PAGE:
• Does the organization plan to pursue civil or criminal litigation?
  • If an employee is involved, does the organization plan to terminate the employee on the basis of the findings?
  • Does the organization plan to file an insurance claim to recover any losses?

Answers to these and other questions will aid investigators in developing a preliminary scope of the investigation. The scope likely will change as the investigation moves along and as new information is uncovered. Questions will need to evolve over time, and the scope must be reassessed and updated accordingly.

Step 4: Preserve and collect evidence

Once an organization is aware of a fraud allegation, it is important to take steps to preserve any electronic and hard copy evidence that might exist. Examples of evidence include:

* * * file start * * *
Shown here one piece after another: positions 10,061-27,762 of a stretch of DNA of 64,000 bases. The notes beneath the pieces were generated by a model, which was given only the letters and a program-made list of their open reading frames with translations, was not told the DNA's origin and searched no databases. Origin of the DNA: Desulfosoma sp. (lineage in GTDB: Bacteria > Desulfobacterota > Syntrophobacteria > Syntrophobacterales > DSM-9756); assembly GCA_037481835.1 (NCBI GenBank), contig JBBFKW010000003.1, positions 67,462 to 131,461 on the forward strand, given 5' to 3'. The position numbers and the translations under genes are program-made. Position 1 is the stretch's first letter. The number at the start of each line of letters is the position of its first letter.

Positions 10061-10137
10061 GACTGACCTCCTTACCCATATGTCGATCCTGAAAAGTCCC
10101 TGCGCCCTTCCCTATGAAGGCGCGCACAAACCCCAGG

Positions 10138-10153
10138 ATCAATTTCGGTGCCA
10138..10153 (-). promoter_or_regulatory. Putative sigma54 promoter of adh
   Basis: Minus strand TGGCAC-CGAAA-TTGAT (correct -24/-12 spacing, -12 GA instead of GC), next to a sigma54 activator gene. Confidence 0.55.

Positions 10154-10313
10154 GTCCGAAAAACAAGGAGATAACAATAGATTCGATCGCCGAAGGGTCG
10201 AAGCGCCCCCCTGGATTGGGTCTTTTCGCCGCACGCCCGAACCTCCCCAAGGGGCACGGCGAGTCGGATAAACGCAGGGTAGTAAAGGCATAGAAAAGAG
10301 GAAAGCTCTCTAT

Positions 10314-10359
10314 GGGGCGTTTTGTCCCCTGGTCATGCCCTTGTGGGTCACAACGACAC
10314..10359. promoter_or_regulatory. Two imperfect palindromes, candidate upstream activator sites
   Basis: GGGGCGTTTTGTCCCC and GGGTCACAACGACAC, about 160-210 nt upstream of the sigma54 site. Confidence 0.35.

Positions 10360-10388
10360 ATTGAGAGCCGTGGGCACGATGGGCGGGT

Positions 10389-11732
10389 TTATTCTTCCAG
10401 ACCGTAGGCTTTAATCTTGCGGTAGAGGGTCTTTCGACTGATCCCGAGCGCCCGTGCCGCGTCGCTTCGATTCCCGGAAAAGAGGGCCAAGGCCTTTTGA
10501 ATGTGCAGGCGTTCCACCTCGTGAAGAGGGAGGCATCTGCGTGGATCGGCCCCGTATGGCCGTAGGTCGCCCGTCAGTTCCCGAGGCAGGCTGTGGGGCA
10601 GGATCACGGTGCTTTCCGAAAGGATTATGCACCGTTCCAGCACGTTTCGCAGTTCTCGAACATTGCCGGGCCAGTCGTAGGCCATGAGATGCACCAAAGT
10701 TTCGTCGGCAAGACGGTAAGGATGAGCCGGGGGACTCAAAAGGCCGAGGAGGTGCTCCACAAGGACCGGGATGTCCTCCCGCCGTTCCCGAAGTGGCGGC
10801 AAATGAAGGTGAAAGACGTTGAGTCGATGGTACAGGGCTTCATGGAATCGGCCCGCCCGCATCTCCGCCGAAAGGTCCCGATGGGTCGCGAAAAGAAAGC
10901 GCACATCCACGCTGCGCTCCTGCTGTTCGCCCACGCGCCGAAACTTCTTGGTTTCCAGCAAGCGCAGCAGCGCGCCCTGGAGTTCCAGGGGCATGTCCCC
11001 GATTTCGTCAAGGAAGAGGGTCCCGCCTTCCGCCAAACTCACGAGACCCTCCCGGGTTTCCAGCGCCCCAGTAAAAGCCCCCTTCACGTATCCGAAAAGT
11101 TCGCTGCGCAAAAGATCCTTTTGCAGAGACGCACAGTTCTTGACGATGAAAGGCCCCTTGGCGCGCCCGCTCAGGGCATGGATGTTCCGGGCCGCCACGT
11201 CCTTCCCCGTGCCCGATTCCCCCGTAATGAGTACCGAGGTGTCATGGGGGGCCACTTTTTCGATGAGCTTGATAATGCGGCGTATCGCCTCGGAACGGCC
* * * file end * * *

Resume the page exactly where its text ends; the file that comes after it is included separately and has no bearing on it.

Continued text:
• Network files
  • Documents stored on a subject or employee’s hard drive
  • Email
  • Email archives
  • Text messages or other communications stored on company-issued assets such as cellphones or tablets

Steps for preserving evidence may differ depending on whether the organization plans to terminate the subject, place the subject on administrative leave, or take no immediate action toward the subject until the investigation is completed.

  • If an employee is terminated at the start of an investigation, efforts should be made to collect all company-issued electronic devices in the individual’s possession. The devices should be locked under the custody of the investigative team’s primary point of contact. The terminated employee’s access to the organization’s network should be revoked immediately.
  • If an employee is placed on administrative leave with pay, the organization should back up the individual’s email and hard drive files.
  • If an employee is neither terminated nor placed on leave but, rather, is kept on staff and unaware of the investigation, efforts should be made to covertly access the employee’s electronic devices to the extent they are available on company premises. Conducting a search of the employee’s office or workplace also is recommended.